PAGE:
Storage Solutions for the Clutter Nightmare

March 2, 2011 at 9:26 am

It’s easy for people to feel like they’re drowning under a sea of clutter in their houses. The modern way of life is geared towards collecting material things, and all of this stuff needs to be put somewhere. The problem is that this somewhere is usually in household living areas and bedrooms; right smack bang in the middle of everyday life. The good news for some people is that the solution may be as simple as increasing the amount of available storage area, and if this is the case then there’s some great options available.

However other people may find that waging war upon the mess with an army of closets and shelving doesn’t seem to make a dent in the junk pile. In these situations, there’s a good chance that a little spruce up of organizational habits may be in order. Here are three storage solution tips that you can use to tame the clutter beast:

1. Recognize That Sentimentality Consumes Space

clutter nightmare Storage Solutions for the Clutter Nightmare

If you’ve ever watched one of the reality television shows dedicated to de-cluttering someone’s home, you may have noticed that they often start by making people admit to their habitual tendency to accumulate stuff. That collection of dolls from when they were a kid, the thousands of birthday and holiday cards from years earlier, or the boxes of clothes that haven’t been worn for a decade are all examples of things that don’t have any practical purpose. They may be extremely important from a sentimental perspective, and sometimes that’s a fine approach to have. However, it’s also important to ask the question about whether or not these items are really that important, or if it’s tending more on the side of hoarding. Human beings have great memories, and these memories existing independently of physical items. Chances are that keeping the old broken Christmas tree isn’t an integral part to maintaining the memories in question. If people want to de-clutter their houses then they need to be ruthless about what’s really important to keep, and eliminate everything else. If it has a monetary value then it can be donated or sold; if no-one wants it, and it doesn’t hold any special memories, then the reality is that it’s worthless. It should be recycled or trashed. A replacement can always be purchased again later if needed, and in the meantime the house will be a little less junky.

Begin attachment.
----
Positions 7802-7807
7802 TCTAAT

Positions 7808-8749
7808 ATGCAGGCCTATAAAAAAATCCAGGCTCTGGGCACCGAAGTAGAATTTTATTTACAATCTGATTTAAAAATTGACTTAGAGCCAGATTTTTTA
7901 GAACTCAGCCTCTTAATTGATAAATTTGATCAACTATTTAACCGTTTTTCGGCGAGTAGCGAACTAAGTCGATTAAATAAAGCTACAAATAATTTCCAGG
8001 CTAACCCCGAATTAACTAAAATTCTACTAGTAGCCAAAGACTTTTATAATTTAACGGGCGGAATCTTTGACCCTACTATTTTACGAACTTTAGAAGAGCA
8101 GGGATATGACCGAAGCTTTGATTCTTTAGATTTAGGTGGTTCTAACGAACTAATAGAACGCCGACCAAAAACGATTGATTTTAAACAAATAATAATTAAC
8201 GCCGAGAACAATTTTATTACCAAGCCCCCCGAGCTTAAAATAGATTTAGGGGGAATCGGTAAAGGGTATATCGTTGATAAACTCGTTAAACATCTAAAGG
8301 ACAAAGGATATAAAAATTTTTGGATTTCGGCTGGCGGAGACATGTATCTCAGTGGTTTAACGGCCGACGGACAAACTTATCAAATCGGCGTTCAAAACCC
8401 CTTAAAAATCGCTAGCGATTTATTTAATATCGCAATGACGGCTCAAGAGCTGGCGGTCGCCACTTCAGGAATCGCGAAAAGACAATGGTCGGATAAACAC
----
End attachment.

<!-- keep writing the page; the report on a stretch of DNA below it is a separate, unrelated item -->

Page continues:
2. Develop Creative Storage Containers

Storage containers do not always have to be purchased from the hardware or supermarket. For example, large acrylic paint tin cans can be rinsed out to make a sturdy vessel for all kinds of items. Old worn out drawers can also be used for under the bed storage, and margarine, butter, and ice cream containers are also well suited for keeping odds and ends. A cluttered house is likely to be littered with potential storage containers. It just requires a little creative thinking.

3. Prioritize Access

Some household items are accessed more frequently than others. This is important to remember when designing storage solutions for things like seasonal clothing or decorations, memorabilia, and other seasonal appliances like window fans or space heaters. These items don’t need to be given a front and center position in the hallway closet, as it’s more important to have access to things that will be used more frequently. Occasionally used items are more conducive to being stored in out of the way places like the basement, under the stairwell, or up in the attic.

It’s also important to remember that sometimes even the most efficient organizational habits just aren’t enough to solve the problem, because if there really is an acute lack of space, then it first needs to be created. If this is the situation then it may be worth investigating attic conversions, garage mezzanines, basement storage, or even just simple shelving and cupboards to generate additional room.

In summary, it’s possible to tidy up the house with some simple approaches to organizational effectiveness. By assessing the value of sentimental items against the value of the space the consumed, utilizing containers that would otherwise go to waste, maintaining easy access to important items, and creating new storage solutions if all else fails, the clutter will be on its way to extinction.

 

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